Scotland coach Gregor Townsend says flyhalf Finn Russell can return if he adheres to the new standards of behaviour in the squad.
Russell has not been involved in Scotland’s first two Six Nations games against Ireland and England, after what was alleged as a drinking session two weeks before the loss to Ireland.
The 27-year-old left the team hotel that Sunday evening and didn’t show up for training the next day. On returning to the camp on the Monday evening he was informed by Townsend he wouldn’t be considered for that match, and was told the same again the day after the loss in Ireland.
In an interview with UK newspaper the Sunday Times, Russell explained that the flashpoint in the hotel bar which has been widely speculated on over the last 21 days, and categorised by many as a ‘late-night drinking session’, is not the crux of the issue. He hinted that a rift that had developed between himself and Townsend and said he would not return to Test rugby unless changes were made to the Scotland set-up.
In a response to Russell’s comments, Townsend reaffirmed in a statement that the two have a good relationship and that Russell could return if he decides to follow the new squad standards.
‘We strive to create an environment for players to be at their absolute best when playing for Scotland,’ Townsend said. ‘To do that players must be aligned to the high standards of being involved in team sport at an elite level.
‘These standards are set out through feedback from players and staff and are driven by the player leadership group or the head coach at varying times during a campaign.
‘We have players who come from around a dozen different clubs and it’s really important they commit to an agreed standard of behaviour, which builds trust and is at the bedrock of a high-performance environment.
‘These standards don’t change for one player, even if that’s not what they experience in their club setting.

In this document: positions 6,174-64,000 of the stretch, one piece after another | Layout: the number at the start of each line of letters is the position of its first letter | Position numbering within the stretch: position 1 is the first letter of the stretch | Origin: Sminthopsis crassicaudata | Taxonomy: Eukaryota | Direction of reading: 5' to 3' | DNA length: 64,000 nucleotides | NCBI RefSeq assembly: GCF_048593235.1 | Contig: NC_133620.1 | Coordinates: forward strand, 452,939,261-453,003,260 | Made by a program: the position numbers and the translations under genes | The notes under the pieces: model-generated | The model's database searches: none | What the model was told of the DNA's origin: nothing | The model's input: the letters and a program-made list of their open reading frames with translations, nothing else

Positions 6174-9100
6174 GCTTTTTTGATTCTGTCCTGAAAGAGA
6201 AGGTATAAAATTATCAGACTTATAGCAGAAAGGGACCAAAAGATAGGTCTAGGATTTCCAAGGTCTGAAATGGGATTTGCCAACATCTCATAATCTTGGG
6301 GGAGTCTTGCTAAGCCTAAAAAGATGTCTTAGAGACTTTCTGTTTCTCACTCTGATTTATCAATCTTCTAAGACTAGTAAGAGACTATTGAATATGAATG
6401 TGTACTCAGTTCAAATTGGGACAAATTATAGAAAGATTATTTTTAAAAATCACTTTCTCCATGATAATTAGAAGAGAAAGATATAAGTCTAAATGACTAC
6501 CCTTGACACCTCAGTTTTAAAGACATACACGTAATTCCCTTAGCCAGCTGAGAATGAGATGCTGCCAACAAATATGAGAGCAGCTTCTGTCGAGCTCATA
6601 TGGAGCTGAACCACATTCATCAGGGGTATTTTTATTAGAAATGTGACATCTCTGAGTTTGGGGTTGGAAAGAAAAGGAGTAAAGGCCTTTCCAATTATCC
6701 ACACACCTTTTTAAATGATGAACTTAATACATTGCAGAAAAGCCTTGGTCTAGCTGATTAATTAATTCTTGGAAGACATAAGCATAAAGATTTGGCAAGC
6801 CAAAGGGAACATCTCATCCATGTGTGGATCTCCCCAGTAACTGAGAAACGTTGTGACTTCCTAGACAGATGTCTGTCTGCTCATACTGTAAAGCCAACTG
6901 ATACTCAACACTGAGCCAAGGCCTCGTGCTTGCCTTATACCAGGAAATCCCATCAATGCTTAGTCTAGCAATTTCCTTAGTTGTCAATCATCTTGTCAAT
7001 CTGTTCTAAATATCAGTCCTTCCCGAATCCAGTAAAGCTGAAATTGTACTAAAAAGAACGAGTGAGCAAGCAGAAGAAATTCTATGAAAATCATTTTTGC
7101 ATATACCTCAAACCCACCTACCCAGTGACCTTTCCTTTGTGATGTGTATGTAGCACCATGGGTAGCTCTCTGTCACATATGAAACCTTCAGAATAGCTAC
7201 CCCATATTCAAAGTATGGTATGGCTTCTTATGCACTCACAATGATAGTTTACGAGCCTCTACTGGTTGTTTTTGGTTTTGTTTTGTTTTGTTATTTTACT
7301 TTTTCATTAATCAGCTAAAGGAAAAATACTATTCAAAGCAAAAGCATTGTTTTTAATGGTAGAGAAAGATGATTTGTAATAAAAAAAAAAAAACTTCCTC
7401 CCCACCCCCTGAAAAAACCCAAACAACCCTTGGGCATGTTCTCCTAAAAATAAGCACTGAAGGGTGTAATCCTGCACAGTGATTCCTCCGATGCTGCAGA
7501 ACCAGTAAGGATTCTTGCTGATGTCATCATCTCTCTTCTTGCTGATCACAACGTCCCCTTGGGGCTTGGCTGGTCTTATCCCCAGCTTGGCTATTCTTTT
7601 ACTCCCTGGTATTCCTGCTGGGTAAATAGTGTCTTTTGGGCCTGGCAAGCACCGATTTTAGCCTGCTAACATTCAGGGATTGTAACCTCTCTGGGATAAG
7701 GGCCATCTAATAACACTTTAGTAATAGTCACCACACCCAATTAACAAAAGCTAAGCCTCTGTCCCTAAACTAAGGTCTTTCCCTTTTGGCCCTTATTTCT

‘Our team leaders made the decision there would be no drinking after our opening match of the Six Nations and they have been working closely with me on improving other aspects of our environment.
‘I’ve loved working with Finn over the past seven years. In that time, I’ve coached him at Glasgow Warriors and with Scotland. He was one of my first signings in the academy at Glasgow. I had watched him train and play the previous season and thought there was a player of real potential. He’s been brilliant to coach at club and international level. He’s very coachable and I’ve worked with him in a very similar way throughout those seven years.
‘Finn left camp on the Sunday night because of a disagreement over alcohol with fellow players and chose to miss the following day’s [Monday] training and meetings. I arranged to meet with him that evening. It was a really positive meeting where we talked openly about life, rugby and what it means to play for Scotland.
‘I left that meeting, after almost three hours, really optimistic that Finn would play a major part in our environment and be a committed team member. Unfortunately, things have not unfolded as well as we would have hoped.
‘In the Six Nations and this season we are playing teams in the top five or six in the world and the effort, planning and standards that go into preparing people physically and mentally are really important, as are the bonds that bring people together and the trust that must be created within the group.
‘The door will be open to any player with the required level of ability – if they commit to being a trusted member of the team. It’s been made clear that Finn could be a part of that future. However, he stated at the weekend that everything else has to change for him to come back, rather than accept and adhere to the standards currently being lived by the group.’
The Six Nations takes a break this weekend. Scotland next travel to Rome to face Italy on 22 February.
Photo: Dave Winter/Icon Sport